infant school
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An infant school is a term used primarily in
England and Wales England and Wales () is one of the three legal jurisdictions of the United Kingdom. It covers the constituent countries England and Wales and was formed by the Laws in Wales Acts 1535 and 1542. The substantive law of the jurisdiction is Engli ...
, for the education of children between the ages of four and seven years. It is usually a small school serving a particular area. It is sometimes a department in a larger
primary school A primary school (in Ireland, the United Kingdom, Australia, Trinidad and Tobago, Jamaica, and South Africa), junior school (in Australia), elementary school or grade school (in North America and the Philippines) is a school for primary ed ...
educating children up to the age of approximately eleven years old. An infant school forms part of local education provision giving
primary education Primary education or elementary education is typically the first stage of Education, formal education, coming after preschool/kindergarten and before secondary school. Primary education takes place in ''primary schools'', ''elementary schools' ...
. In England and Wales, children start at infant school between the ages of four and five in a Reception class. They sometimes attend part-time (mornings only or afternoons only) for the first term. In England, reception is considered part of early years education whilst the following two years are known as Key Stage 1. In Wales, the entirety of nursery and infant school is included in the foundation phase. Infants is followed by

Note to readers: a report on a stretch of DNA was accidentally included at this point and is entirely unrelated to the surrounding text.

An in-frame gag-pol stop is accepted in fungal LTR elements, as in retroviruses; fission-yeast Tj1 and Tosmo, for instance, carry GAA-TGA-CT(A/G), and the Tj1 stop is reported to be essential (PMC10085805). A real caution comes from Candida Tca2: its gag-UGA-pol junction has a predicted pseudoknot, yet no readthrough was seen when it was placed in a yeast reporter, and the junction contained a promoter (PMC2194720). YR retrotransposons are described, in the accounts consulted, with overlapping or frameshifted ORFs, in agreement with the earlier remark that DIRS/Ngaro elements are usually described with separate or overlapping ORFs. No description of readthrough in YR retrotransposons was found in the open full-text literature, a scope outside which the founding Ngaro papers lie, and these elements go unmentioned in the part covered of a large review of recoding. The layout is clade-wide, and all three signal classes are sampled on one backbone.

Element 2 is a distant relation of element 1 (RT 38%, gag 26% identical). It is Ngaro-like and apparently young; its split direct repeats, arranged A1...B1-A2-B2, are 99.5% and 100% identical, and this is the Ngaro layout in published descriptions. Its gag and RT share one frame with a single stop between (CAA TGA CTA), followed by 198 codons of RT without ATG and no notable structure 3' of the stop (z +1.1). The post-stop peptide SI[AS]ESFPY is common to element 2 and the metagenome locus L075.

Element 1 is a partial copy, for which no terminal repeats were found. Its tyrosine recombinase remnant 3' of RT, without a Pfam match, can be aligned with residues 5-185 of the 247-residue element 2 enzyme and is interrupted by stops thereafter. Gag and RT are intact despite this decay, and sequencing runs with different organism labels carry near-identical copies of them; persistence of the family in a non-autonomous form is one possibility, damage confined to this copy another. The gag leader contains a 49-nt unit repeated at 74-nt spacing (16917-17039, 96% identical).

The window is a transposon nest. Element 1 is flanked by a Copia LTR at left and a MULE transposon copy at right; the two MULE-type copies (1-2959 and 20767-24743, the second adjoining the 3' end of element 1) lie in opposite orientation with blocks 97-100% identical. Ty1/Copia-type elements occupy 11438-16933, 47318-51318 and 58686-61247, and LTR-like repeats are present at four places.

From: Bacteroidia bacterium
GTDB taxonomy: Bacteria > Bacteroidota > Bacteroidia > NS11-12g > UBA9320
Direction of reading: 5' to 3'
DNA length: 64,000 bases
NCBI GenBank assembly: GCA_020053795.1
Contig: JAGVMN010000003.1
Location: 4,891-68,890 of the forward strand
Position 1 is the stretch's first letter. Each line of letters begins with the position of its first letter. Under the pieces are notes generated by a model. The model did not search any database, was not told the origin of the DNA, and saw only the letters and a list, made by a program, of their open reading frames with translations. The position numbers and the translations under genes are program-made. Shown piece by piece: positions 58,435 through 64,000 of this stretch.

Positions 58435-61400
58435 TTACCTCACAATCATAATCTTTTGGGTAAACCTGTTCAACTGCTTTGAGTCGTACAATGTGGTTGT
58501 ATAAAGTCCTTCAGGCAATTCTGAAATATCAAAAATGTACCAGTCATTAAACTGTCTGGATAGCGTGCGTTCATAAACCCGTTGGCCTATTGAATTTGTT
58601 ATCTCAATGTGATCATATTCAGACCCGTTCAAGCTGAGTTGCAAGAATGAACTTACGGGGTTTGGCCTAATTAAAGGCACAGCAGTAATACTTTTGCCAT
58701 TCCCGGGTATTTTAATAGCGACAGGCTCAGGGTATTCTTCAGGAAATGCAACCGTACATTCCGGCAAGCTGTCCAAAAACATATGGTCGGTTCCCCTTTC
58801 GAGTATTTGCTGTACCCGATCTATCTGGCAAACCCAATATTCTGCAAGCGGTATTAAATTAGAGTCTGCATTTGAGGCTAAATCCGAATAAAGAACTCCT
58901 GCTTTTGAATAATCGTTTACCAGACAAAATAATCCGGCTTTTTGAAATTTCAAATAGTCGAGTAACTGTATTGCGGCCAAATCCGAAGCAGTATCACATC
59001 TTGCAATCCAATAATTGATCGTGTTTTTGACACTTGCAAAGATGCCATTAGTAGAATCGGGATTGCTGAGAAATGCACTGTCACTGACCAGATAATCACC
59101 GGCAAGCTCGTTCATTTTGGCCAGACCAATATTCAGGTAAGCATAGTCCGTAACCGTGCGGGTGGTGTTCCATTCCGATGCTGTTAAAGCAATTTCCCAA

Junior School A Junior school is a type of school which provides primary education to children, often in the age range from 8 and 13, following attendance at Infant school which covers the age range 5–7. (As both Infant and Junior schools are giving Primary E ...
known formally in both England and Wales as
Key Stage 2 Key Stage 2 is the legal term for the four years of schooling in maintained schools in England and Wales normally known as Year 3, Year 4, Year 5 and Year 6, when the pupils are aged between 7 and 11 years. England and Wales Legal definition The t ...
.


History

The first infant school in England was at Brewers Green, Westminster in 1818 which was placed under the charge of James Buchanan, a weaver. Buchanan had served at what is considered the first infant school in Great Britain, Robert Owen's at New Lanark. The second in England was opened in 1820 by Joseph Wilson in Spitalfields and placed in the charge of